Improving Male Fertility
Simple steps to help sperm quantity and quality
By: Matthew Will, M.D.
Jun 26, 2019
There are a lot of myths about men’s fertility out there. From microwaves to cell phones, boxer briefs and beyond, you’ve probably heard some truths and mistruths about what’s good and bad for your sperm. In honor of Men’s Health Month, we’re shining a spotlight on easy ways men can boost their fertility.
Male infertility is often associated with decreased quality or quantity of sperm. Researchers estimate that at least one in every three cases of reproductive trouble is due to infertility in the man alone.
The good news is that there are many ways to boost male fertility, and many of them are easy and free. Taking steps to boost your or your partner’s fertility can help your family on your journey to parenthood.
Play it cool.
Heat is one of the most widely known hindrances to male fertility. You’ve probably heard that prolonged periods of time in hot bath or jacuzzi can interfere with sperm health. It’s true — the testicles function best at two degrees cooler than the normal human body. In usual conditions, testicles can regulate to optimal temperature on their own. But when submerged in hot water or exposed to other forms of heat, semen production decreases.
You may have heard that anything applying pressure to the testicles will “squeeze” your parts too much and decrease sperm count. Tight pants, spandex shorts or briefs can decrease sperm count, but not because of pressure.
Tight clothing holds the scrotum closer to the body, therefore increasing its temperature. To keep temps cooler down south and keep your sperm count healthy, wear looser, more breathable clothing. If you’re trying to conceive, tight-fitting garments can be counterproductive.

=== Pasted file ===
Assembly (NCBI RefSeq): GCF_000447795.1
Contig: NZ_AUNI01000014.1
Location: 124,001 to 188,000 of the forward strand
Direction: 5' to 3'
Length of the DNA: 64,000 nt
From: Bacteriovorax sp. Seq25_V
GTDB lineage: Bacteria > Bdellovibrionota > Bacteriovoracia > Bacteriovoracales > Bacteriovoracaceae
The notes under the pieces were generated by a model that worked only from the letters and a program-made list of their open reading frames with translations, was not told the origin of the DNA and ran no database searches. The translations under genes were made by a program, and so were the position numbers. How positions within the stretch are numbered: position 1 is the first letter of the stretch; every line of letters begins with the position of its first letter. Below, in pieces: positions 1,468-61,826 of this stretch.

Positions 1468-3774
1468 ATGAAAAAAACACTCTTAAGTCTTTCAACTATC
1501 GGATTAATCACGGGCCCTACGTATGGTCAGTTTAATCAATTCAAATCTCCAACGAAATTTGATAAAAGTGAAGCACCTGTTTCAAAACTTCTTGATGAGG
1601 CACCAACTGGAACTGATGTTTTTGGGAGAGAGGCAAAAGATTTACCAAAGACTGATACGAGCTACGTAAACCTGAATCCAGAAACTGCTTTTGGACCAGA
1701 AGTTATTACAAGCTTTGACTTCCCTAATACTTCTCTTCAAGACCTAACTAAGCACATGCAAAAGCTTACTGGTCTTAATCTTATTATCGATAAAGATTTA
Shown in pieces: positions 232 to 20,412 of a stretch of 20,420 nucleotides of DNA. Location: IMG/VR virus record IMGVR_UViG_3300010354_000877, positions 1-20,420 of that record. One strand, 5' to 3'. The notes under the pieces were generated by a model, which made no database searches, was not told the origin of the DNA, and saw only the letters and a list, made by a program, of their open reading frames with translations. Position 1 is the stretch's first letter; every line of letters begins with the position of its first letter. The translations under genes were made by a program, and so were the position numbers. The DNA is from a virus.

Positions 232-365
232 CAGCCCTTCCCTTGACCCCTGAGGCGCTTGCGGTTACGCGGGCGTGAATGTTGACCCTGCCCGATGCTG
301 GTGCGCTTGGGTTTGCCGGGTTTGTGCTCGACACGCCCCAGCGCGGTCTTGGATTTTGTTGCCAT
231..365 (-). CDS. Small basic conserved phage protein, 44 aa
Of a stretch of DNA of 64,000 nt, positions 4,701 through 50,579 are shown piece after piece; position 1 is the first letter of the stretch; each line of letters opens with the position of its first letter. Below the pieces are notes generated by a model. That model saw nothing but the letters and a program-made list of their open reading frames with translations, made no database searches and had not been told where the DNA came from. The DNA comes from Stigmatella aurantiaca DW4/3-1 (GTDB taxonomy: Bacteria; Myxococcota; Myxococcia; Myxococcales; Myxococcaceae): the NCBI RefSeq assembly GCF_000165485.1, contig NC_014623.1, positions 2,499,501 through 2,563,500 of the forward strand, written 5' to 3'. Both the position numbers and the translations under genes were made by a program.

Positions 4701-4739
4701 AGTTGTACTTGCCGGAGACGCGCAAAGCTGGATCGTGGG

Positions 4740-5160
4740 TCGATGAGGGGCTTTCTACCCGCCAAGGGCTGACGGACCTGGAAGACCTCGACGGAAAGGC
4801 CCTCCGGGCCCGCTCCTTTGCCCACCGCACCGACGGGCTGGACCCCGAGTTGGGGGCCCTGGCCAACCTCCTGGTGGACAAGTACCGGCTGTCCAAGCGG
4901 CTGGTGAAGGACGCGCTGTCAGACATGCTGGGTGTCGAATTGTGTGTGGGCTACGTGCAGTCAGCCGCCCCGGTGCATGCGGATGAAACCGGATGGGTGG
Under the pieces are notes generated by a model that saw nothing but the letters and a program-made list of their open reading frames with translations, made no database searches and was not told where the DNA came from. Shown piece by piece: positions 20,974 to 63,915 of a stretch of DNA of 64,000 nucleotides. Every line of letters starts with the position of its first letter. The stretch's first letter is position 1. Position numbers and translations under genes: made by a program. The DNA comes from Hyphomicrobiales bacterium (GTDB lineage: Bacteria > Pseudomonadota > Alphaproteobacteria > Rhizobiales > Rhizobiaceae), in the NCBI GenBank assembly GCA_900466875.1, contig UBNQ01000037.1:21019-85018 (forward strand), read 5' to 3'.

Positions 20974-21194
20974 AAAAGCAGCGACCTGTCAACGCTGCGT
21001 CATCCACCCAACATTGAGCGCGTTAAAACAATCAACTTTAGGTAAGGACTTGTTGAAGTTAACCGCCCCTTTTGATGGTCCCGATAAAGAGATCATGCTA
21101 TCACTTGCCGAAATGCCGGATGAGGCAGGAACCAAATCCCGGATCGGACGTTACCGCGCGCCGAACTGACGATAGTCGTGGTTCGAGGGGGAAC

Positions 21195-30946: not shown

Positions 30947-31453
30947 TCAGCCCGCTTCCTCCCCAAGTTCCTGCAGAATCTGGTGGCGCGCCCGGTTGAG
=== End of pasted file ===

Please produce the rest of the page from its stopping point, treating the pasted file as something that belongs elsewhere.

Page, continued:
Obesity has many negative impacts on your health, including high blood pressure, heart disease, diabetes, and infertility. A healthier diet or physical exercise can introduce a myriad of health benefits to men struggling with obesity or being overweight, but it will especially benefit those trying to conceive.
Ask your doctor about starting an exercise program or improving your diet. As your physical fitness increases, your sperm quality and quantity will increase with it. You may even notice your energy and libido increase too, which can help when you and your partner are trying to conceive.
High alcohol consumption has been shown to decrease sperm count. It can impact your chances of reproduction in other ways, too, like acute erectile dysfunction after consuming a large amount of alcohol. If you’re trying to conceive, consider limiting your alcohol at two to four drinks per week.
Find your zen.
This one probably comes as no surprise, and is often a cause of female infertility as well: periods of high stress in your life, marked by elevated cortisol levels, can signal to your body that it’s not a good time to reproduce.
High cortisol levels have been shown to reduce sperm production. If stress seems to be a factor impeding your fertility, consider taking up healthy habits to reduce stress and anxiety levels in your daily life. Yoga, meditation, or reducing caffeine intake can help.
Know when to get help.
While there are many things you can do to boost male fertility, some couples may need medical intervention. If you and your partner haven’t conceived after a year of trying, it may be time to see a fertility specialist.
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